I am the author of Quitter.  Quitter is a desktop app for Windows.  It
runs in a Command window.  The idea was to give folks access to
Twitter without all of the graphical overhead of a web interface.

I am receiving a lot of emails from my users because Twitter revoked
my application's access to direct messages.  An example email is

"You must know that Quitter is the ONLY client that I can trust
to read my tweets due to an internet connectivity issue, in my
case I moved to a town called GAN GAN here in Argentina
where people can only access the internet through dial-up 2G
mobile technology and speed rate is 14kbps average! Well,
its impossible to read any tweet using the Twitter webpage
with this speed but Quitter works like a charm!"

This user and every other Quitter user like him has had their access
to Direct Messages taken away for reasons that (like every other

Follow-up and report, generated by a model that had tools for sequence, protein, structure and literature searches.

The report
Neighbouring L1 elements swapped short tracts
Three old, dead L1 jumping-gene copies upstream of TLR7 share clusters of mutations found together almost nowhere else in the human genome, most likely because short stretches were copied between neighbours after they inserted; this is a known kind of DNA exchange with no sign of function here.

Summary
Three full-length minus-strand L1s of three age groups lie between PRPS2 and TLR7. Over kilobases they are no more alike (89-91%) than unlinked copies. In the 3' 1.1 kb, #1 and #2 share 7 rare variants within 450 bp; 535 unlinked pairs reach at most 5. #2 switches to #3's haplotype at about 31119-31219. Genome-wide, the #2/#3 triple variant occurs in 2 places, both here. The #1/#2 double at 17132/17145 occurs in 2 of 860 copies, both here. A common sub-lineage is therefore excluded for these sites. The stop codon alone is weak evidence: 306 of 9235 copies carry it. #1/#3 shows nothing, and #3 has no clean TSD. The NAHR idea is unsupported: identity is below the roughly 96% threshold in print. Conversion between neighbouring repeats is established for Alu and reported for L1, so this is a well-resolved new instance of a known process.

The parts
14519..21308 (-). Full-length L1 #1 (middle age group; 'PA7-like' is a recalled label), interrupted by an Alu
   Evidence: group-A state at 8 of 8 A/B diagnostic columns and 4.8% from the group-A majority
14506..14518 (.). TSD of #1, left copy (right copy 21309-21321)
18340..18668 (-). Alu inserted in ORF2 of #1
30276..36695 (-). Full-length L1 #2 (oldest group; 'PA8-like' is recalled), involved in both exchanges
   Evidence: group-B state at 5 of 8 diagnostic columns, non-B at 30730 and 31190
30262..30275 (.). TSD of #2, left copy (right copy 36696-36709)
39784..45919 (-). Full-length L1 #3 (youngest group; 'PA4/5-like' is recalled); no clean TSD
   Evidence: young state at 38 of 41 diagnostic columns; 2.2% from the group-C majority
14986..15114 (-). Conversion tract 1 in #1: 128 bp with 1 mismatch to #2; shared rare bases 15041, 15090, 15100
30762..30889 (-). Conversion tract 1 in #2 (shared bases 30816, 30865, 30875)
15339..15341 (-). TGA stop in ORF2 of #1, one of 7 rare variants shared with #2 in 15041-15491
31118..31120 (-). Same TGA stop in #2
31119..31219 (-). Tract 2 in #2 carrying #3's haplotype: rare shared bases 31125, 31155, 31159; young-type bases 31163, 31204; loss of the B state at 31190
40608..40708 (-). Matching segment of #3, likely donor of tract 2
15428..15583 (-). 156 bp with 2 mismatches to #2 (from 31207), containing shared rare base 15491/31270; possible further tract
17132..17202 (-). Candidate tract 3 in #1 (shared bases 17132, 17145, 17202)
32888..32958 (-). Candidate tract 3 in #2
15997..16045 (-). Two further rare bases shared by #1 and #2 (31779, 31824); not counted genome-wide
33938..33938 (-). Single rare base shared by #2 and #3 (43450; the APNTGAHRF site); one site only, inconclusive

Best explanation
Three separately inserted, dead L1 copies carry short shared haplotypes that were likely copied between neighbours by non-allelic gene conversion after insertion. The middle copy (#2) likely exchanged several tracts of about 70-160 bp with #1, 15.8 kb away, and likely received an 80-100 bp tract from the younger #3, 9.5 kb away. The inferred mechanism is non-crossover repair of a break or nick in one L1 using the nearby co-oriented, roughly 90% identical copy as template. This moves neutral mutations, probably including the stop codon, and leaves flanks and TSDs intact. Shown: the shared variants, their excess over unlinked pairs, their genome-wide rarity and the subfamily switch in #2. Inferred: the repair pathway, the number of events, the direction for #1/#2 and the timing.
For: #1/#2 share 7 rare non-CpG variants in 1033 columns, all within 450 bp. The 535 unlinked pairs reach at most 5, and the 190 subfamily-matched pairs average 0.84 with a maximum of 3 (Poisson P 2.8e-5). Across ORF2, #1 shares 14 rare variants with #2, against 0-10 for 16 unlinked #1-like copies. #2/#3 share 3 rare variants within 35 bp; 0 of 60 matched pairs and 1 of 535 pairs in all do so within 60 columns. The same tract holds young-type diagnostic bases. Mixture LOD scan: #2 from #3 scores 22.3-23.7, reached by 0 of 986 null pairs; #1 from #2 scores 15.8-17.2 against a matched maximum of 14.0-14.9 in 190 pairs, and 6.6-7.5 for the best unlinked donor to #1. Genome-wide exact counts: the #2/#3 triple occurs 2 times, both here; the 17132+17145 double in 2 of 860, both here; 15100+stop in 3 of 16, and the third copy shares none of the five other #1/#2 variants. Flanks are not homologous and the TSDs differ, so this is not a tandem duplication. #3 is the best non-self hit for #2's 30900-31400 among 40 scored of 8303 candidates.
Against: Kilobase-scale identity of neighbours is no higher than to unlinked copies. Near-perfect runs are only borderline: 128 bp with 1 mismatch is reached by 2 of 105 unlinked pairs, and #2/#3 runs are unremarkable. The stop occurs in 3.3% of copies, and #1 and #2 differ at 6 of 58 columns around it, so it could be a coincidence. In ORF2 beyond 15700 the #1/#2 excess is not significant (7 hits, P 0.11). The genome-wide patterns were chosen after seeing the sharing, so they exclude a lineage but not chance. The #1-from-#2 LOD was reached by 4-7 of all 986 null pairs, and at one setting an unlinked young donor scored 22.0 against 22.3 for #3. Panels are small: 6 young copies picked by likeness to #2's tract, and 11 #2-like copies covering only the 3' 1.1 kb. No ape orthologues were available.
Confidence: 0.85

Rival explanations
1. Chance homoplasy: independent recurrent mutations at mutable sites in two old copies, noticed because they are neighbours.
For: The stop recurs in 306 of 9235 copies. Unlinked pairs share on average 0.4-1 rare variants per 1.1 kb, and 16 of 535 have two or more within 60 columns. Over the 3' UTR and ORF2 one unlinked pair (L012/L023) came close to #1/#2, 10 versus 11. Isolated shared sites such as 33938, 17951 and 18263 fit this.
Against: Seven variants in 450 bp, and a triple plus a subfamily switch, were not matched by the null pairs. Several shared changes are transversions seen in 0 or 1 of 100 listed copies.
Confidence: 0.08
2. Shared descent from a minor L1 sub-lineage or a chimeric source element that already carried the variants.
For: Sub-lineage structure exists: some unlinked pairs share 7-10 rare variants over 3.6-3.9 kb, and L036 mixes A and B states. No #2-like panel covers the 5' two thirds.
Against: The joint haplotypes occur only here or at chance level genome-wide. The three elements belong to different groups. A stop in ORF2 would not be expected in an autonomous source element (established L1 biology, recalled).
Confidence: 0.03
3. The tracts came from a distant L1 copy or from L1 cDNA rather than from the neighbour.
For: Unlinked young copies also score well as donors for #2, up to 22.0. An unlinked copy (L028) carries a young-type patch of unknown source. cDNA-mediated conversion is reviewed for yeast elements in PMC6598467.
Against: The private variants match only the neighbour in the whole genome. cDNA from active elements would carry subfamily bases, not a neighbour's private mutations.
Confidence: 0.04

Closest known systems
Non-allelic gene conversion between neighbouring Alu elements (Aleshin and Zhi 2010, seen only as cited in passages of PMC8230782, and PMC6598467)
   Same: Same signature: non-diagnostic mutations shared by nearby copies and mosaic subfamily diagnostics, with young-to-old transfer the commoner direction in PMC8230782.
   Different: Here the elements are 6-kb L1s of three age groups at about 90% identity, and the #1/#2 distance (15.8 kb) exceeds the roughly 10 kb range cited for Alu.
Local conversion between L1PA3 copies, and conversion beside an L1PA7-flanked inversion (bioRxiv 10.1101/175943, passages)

policy change Twitter makes) are obtuse, unclear and arbitrary.  My
client would keep these users -more- involved in the Twitter
ecosystem, but now their access to it reduced.

This isn't a business.  I'm not in it the for the money.  Quitter is a
free and open source product that I wrote because I loved Twitter and
thought it would be a neat client.

I would be very grateful if someone from Twitter could explain the
benefit of taking Direct Message access away from desktop clients.  It
makes no sense.

Twitter developer documentation and resources: https://dev.twitter.com/doc
API updates via Twitter: https://twitter.com/twitterapi
Issues/Enhancements Tracker: https://code.google.com/p/twitter-api/issues/list
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